What are customer rebates?

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What are customer rebates?

The Deal EconomyOctober 10, 2019

Introduction

Rebate agreements come in all shapes and sizes. Depending on your specific trading partners you may only be aware of a fraction of these or you may be deep in the detail of each and every one — from the simplest to the most complex.

With this myriad of rebate agreements, there is often a lack of consensus around terminology and processes. Some of this is down to individual businesses being unique and having their own internal deviations, but some can be down to misunderstanding the difference between vendor and customer rebate.

The distinction between the two types of rebate is vital if you happen to be involved in both, but due to the subtlety, many people involved in rebate may be unaware that rebate can be classified into these two forms.

What is customer rebate management?

For most, rebate is rebate, but for a select few involved in both styles, the difference between vendor rebate and customer rebate is a subtle, but crucial detail that their rebate management process or system must be able to handle.

At a high level, rebate is the return of a portion of a purchase price by a seller to a buyer, usually on purchase of a specified quantity, or value, of goods within a specified period.

Such a transaction has two points of view: the seller and the buyer. A customer rebate is this transaction from the seller’s point of view. A vendor rebate, or supplier rebate is this transaction from the buyer’s point of view.

Fundamentally, all rebate agreements can be viewed from these two perspectives. The perspective that you view your rebates from will determine whether you are engaged in vendor rebate or customer rebate.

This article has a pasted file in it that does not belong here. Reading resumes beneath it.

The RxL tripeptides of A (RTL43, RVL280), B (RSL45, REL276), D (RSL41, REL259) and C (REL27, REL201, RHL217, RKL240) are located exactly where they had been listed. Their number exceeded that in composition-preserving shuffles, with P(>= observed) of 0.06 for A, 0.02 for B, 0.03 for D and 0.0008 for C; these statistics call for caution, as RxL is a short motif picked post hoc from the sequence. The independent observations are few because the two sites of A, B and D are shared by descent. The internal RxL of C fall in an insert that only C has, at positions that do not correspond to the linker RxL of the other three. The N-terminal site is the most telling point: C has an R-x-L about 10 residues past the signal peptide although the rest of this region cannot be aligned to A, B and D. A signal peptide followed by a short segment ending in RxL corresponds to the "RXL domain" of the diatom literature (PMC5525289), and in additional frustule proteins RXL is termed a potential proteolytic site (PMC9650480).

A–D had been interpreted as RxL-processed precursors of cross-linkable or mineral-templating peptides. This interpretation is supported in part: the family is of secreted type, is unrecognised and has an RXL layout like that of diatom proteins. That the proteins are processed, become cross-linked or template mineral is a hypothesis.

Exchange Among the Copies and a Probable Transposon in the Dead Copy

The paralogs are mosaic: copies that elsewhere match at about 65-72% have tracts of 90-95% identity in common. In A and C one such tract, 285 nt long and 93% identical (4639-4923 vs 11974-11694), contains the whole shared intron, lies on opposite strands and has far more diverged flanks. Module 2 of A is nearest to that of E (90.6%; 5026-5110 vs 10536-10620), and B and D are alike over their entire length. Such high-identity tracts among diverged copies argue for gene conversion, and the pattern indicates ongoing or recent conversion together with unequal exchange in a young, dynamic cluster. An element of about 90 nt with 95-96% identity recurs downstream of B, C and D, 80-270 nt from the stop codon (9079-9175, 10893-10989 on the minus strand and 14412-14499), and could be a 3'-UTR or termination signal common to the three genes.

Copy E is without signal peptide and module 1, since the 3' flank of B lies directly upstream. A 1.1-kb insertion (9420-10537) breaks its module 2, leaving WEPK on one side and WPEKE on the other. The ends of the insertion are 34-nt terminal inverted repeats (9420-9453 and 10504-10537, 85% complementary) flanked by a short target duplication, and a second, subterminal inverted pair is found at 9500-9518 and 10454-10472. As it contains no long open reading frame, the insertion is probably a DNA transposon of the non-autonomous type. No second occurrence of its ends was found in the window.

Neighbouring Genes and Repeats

Customer and vendor rebates

What are the differences between vendor and customer rebate?

The type of rebate you deal with depends on your perspective in one singular agreement and should be assessed on a per agreement basis. In every rebate agreement, one party will be dealing in vendor rebate and the other party will be dealing in customer rebate. The amount of rebate due to be paid and the amount due to be received will be the same regardless of perspective, because they concern the same agreement. Of course, in reality this is rarely the case and disputes often creep into the discussion.

A good analogy of this would be a coin. You can view a coin from two sides; the heads or the tails, but both sides — whilst different — are part of the same coin of the same value.

Typically, merchants and distributors deal with vendor rebate as, from their perspective, they are receiving rebate from a particular vendor as a result of earning this through purchasing that vendors’ products.

This means that manufacturers and merchants, who are the vendors selling their products out, deal in customer rebate. They are paying out rebate to a particular customer of theirs as a result of that customer earning the rebate.

When managed effectively, customer rebates offer huge value to both the seller and buyer. The seller can build a strong relationship with their buyer through an effective loyalty incentive, and the buyer gets a better price overall.

Customer and vendor rebates

What other customer rebate management concepts should I be aware of?